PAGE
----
Learn about your rights and responsibilities when filing a workers comp claim after an
injury at a North Carolina school
Teaching is a profession that, while rewarding, comes with its own set of unique hazards. From the physical risks of classroom management to the mental strain of long hours and high stress, educators face various challenges that can sometimes lead to work-related injuries or illnesses.
Fortunately, in North Carolina, teachers are entitled to workers’ compensation benefits. These benefits are designed to support educators who have suffered injuries, illnesses or occupational diseases directly related to their work environment or duties.
This article will explain the types of workers’ comp benefits teachers typically qualify for and the steps to take to increase the chance of a successful claim. If you have any questions about the workers’ comp process, reach out to our skilled workers’ compensation attorneys in Charlotte for a free consultation.
How common are work-related injuries and illnesses among teachers?
According to the U.S. Bureau of Labor Statistics (BLS), in 2021, public elementary and secondary schools reported 176,200 work-related injuries and illnesses, marking a 40.9% increase from 2020 but still 21.1% lower than in 2019.
Of these, 10,600 were work-related illnesses, with 6,200 being respiratory illnesses. This category includes cases of work-related COVID-19 infections. The rate of respiratory illnesses in these schools was 12.3 cases per 10,000 full-time workers in 2021, a significant rise from 2.8 in 2020 and 1.1 in 2019.
What are the most common injuries among teachers?
According to the Centers for Disease Control and Prevention (CDC), between 2015 and 2020, there was a consistent decline in the number and rate of emergency department (ED)-treated workplace injuries among school employees. This trend saw a further drop in 2020, likely due to school closures during the COVID-19 pandemic.
The most common types of injuries experienced by teachers were:
- Injuries to the head or face (69,000 injuries)
- Injuries to the arm, wrist or hand (59,800)
- Injuries to the leg, ankle or foot (58,700)
The leading cause of injury was falls, slips and trips, accounting for 67,700 injuries. While the second most frequent cause of injury was violence and other injuries by persons or animals, contributing to 25% of all injuries (65,600 injuries).
Students were the primary source of these intentional injuries, responsible for 83% (31,200) of the incidents. Specifically, over 25% (8,000) of the ED-treated injuries from intentional student actions occurred while employees were intervening in student fights or restraining combative students.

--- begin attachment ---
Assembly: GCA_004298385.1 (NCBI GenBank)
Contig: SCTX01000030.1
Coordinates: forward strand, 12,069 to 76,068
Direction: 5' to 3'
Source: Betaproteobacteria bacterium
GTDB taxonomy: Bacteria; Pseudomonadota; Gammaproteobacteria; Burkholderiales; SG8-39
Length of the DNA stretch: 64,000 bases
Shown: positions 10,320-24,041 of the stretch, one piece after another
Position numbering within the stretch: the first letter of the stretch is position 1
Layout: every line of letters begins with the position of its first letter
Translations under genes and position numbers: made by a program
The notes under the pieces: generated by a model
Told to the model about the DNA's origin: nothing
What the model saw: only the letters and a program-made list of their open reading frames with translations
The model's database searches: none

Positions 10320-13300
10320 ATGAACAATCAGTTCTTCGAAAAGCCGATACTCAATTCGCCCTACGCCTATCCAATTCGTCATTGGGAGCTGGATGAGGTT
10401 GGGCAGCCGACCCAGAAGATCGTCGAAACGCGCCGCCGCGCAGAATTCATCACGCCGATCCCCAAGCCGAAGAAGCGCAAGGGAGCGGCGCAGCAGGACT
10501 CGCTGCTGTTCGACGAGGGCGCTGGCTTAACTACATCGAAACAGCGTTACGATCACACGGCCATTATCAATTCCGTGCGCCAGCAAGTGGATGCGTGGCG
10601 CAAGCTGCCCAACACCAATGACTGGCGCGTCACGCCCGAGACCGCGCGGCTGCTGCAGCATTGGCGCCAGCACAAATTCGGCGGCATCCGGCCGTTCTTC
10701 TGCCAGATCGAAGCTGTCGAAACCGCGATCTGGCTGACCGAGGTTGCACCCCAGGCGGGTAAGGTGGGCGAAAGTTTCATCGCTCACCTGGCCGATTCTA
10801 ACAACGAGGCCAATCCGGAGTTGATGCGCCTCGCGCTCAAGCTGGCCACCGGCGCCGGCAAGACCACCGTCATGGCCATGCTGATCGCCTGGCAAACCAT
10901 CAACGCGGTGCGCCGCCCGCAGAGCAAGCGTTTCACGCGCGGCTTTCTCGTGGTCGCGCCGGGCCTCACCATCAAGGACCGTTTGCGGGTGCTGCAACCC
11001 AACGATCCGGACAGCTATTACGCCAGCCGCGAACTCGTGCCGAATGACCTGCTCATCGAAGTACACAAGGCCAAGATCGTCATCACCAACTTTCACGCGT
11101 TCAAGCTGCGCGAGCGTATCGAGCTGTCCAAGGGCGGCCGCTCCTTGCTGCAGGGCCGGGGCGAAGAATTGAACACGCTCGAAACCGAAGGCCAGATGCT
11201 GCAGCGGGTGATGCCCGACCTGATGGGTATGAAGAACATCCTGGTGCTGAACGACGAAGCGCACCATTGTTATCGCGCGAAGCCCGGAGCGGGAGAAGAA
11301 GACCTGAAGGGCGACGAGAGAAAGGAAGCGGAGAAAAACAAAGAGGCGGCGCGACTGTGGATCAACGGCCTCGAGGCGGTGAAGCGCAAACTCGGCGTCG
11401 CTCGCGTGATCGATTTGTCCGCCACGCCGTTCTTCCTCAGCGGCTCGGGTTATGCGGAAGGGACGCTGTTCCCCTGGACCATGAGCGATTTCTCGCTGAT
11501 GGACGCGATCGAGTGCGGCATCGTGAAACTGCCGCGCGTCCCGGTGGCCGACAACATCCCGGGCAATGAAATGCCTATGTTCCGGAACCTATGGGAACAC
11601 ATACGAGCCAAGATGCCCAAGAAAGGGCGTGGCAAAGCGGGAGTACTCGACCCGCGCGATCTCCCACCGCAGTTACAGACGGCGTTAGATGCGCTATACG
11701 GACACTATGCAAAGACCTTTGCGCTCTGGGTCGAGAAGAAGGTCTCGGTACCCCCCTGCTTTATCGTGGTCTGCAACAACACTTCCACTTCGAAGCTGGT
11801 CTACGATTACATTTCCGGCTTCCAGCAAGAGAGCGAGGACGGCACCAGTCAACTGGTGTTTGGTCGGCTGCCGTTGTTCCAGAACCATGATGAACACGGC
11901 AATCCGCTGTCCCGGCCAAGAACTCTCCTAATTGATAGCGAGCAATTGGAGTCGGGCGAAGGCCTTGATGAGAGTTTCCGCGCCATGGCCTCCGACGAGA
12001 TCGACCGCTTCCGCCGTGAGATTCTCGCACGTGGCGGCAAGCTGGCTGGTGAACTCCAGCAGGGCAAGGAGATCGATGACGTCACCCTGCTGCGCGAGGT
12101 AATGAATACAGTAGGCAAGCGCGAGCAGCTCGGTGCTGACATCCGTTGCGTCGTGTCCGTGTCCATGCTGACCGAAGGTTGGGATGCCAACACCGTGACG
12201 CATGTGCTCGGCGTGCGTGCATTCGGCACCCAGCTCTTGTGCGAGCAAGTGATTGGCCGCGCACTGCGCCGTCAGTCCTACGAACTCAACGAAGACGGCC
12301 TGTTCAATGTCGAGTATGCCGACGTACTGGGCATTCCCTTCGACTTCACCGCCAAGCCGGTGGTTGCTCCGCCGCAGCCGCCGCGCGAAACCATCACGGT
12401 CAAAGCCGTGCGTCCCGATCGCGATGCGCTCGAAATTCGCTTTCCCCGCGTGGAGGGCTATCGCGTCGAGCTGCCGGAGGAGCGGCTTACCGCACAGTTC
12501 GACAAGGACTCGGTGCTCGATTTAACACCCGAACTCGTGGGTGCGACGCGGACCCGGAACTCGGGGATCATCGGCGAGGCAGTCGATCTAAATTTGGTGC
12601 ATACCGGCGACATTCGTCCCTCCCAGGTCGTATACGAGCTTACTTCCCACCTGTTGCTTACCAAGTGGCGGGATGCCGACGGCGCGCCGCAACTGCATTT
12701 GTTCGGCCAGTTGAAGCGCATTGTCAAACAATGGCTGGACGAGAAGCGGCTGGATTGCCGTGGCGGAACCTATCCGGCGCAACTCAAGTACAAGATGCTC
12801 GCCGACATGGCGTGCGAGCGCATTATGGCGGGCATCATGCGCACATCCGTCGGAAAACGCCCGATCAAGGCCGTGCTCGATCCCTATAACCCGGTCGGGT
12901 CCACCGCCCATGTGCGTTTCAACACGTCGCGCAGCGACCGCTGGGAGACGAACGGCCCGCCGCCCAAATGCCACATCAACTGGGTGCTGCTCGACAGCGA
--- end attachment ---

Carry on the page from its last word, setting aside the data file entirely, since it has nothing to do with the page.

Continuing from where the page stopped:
In addition to these injuries, teachers are also prone to repetitive stress injuries, such as carpal tunnel syndrome from excessive writing or computer use, and eye strain from prolonged screen time or reading.
Do teachers in North Carolina qualify for workers’ compensation?
Yes, teachers in North Carolina do qualify for workers’ compensation. In North Carolina, the Workers’ Compensation Act requires most employers with 3 or more employees, including public school systems, to provide workers’ compensation coverage for their employees. This coverage includes teachers who suffer work-related injuries or illnesses.
Under this system, teachers are entitled to benefits for medical expenses and wage replacement if they’re injured or become ill as a direct result of their job duties. This applies to a range of injuries and illnesses, including those sustained in the classroom, during school-sponsored activities, or as a result of violence or other incidents at school.
How does North Carolina workers’ comp work?
North Carolina’s workers’ compensation system provides benefits to employees who are injured or become ill due to their jobs. Here’s a brief overview of how it works:
- Employer coverage. Most employers in North Carolina are required to have workers’ compensation insurance if they employ 3 or more employees. This insurance covers work-related injuries and illnesses.
- Employee injury or illness. If an employee is injured on the job or develops a work-related illness or disease, they’re eligible for workers’ compensation benefits. This includes injuries sustained while performing work duties or illnesses or diseases directly caused by their work environment.
- Reporting and filing. The injured or ill employee must report their condition to their employer as soon as possible. But just how long do you have to report an injury at work in NC? In most cases, this report must be made within 30 days of the injury or diagnosis to qualify for workers’ comp benefits.